In-situ assimilation of mantle minerals by kimberlitic magmas - Direct evidence from a garnet wehrlite xenolith entrained in the Bultfontein kimberlite (Kimberley, South Africa)

Ashton Soltys*, Andrea Giuliani, David Phillips, Vadim S. Kamenetsky, Roland Maas, Jon Woodhead, Thomas Rodemann

*Corresponding author for this work

    Research output: Contribution to journalArticle

    37 Citations (Scopus)

    Abstract

    The lack of consensus on the possible range of initial kimberlite melt compositions and their evolution as they ascend through and interact with mantle and crustal wall rocks, hampers a complete understanding of kimberlite petrogenesis. Attempts to resolve these issues are complicated by the fact that kimberlite rocks are mixtures of magmatic, xenocrystic and antecrystic components and, hence, are not directly representative of their parental melt composition. Furthermore, there is a lack of direct evidence of the assimilation processes that may characterise kimberlitic melts during ascent, which makes understanding their melt evolution difficult.In this contribution we provide novel constraints on the interaction between precursor kimberlite melts and lithospheric mantle wall rocks. We present detailed textural and geochemical data for a carbonate-rich vein assemblage that traverses a garnet wehrlite xenolith [equilibrated at ~. 1060 °C and 43 kbar (~. 140-145 km)] from the Bultfontein kimberlite (Kimberley, South Africa). This vein assemblage is dominated by Ca-Mg carbonates, with subordinate oxide minerals, olivine, sulphides, and apatite. Vein phases have highly variable compositions indicating formation under disequilibrium conditions. Primary inclusions in the vein minerals and secondary inclusion trails in host wehrlite minerals contain abundant alkali-bearing phases (e.g., Na-K bearing carbonates, Mg-freudenbergite, Na-bearing apatite and phlogopite). The Sr-isotope composition of vein carbonates overlaps those of groundmass calcite from the Bultfontein kimberlite, as well as perovskite from the other kimberlites in the Kimberley area. Clinopyroxene and garnet in the host wehrlite are resorbed and have Si-rich reaction mantles where in contact with the carbonate-rich veins. Within some veins, the carbonates occur as droplet-like, globular segregations, separated from a similarly shaped Si-rich phase by a thin meniscus of Mg-magnetite. These textures are interpreted to represent immiscibility between carbonate and silicate melts.The preservation of reaction mantles, immiscibility textures and disequilibrium in the vein assemblage, suggests quenching, probably triggered by entrainment and rapid transport toward the Earth's surface in the host kimberlite magma. Based on the Sr-isotope systematics of vein carbonate minerals, and the close temporal relationship between carbonate-rich metasomatism and kimberlite magmatism, we suggest that the carbonate-rich vein assemblage was produced by the interaction between a melt genetically related to the Bultfontein kimberlite and wehrlitic mantle wall rock. If correct, this unique xenolith sample provides a rare snapshot of the assimilation processes that might characterise parental kimberlite melts during their ascent through the lithospheric mantle.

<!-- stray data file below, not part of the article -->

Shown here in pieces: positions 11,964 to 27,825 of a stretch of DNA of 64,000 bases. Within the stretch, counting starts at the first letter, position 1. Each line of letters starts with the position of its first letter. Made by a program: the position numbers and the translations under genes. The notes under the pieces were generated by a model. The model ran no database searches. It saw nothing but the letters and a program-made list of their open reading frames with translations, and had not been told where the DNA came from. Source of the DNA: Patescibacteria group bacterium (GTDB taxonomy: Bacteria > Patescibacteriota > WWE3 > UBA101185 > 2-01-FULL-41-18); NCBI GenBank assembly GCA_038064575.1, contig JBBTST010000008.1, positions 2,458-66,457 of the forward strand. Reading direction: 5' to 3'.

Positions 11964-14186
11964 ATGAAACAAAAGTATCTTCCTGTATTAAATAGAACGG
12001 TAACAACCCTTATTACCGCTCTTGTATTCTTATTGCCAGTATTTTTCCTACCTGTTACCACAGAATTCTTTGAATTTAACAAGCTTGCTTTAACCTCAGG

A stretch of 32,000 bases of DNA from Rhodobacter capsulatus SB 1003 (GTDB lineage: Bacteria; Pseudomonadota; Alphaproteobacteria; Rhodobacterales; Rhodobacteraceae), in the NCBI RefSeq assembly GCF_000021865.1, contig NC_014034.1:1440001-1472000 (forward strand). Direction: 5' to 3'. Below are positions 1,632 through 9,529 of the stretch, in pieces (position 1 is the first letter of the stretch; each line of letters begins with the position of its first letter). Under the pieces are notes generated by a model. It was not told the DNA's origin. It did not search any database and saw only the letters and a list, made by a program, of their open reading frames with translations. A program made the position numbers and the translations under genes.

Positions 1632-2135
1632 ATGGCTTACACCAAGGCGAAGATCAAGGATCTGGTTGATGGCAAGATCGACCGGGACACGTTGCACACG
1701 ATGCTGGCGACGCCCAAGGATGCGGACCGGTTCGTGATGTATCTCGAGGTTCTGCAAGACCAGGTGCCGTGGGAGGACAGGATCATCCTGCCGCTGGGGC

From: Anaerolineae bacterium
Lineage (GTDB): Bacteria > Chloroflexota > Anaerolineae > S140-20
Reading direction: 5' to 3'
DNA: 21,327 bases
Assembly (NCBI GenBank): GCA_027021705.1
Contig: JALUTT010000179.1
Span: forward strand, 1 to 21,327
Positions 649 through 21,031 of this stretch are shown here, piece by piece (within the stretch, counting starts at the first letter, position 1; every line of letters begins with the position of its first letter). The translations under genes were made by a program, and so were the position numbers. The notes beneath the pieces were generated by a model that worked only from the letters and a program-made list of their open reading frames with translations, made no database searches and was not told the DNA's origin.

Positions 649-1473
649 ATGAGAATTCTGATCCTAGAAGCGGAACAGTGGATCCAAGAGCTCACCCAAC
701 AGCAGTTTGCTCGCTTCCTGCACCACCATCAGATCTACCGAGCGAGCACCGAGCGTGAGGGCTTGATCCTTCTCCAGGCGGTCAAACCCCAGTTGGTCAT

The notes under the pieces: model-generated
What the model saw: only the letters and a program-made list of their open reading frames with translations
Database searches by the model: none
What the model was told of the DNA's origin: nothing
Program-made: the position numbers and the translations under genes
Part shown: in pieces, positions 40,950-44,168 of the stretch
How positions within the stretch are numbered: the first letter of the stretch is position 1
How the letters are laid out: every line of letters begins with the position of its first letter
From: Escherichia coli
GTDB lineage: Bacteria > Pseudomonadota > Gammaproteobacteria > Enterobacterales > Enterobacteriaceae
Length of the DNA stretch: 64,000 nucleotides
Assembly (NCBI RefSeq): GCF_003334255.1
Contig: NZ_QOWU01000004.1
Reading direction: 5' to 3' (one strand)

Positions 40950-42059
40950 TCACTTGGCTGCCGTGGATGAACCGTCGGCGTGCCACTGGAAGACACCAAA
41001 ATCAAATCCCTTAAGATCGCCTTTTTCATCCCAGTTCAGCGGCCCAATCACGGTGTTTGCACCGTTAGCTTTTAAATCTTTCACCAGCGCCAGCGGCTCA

Original languageEnglish
    Pages (from-to)182-196
    Number of pages15
    JournalLithos
    Volume256-257
    DOIs
    Publication statusPublished - 1 Jul 2016

    Keywords

    • Kimberlite
    • Melt evolution
    • Assimilation
    • Carbonate metasomatism
    • Lithospheric mantle
    • Kimberley

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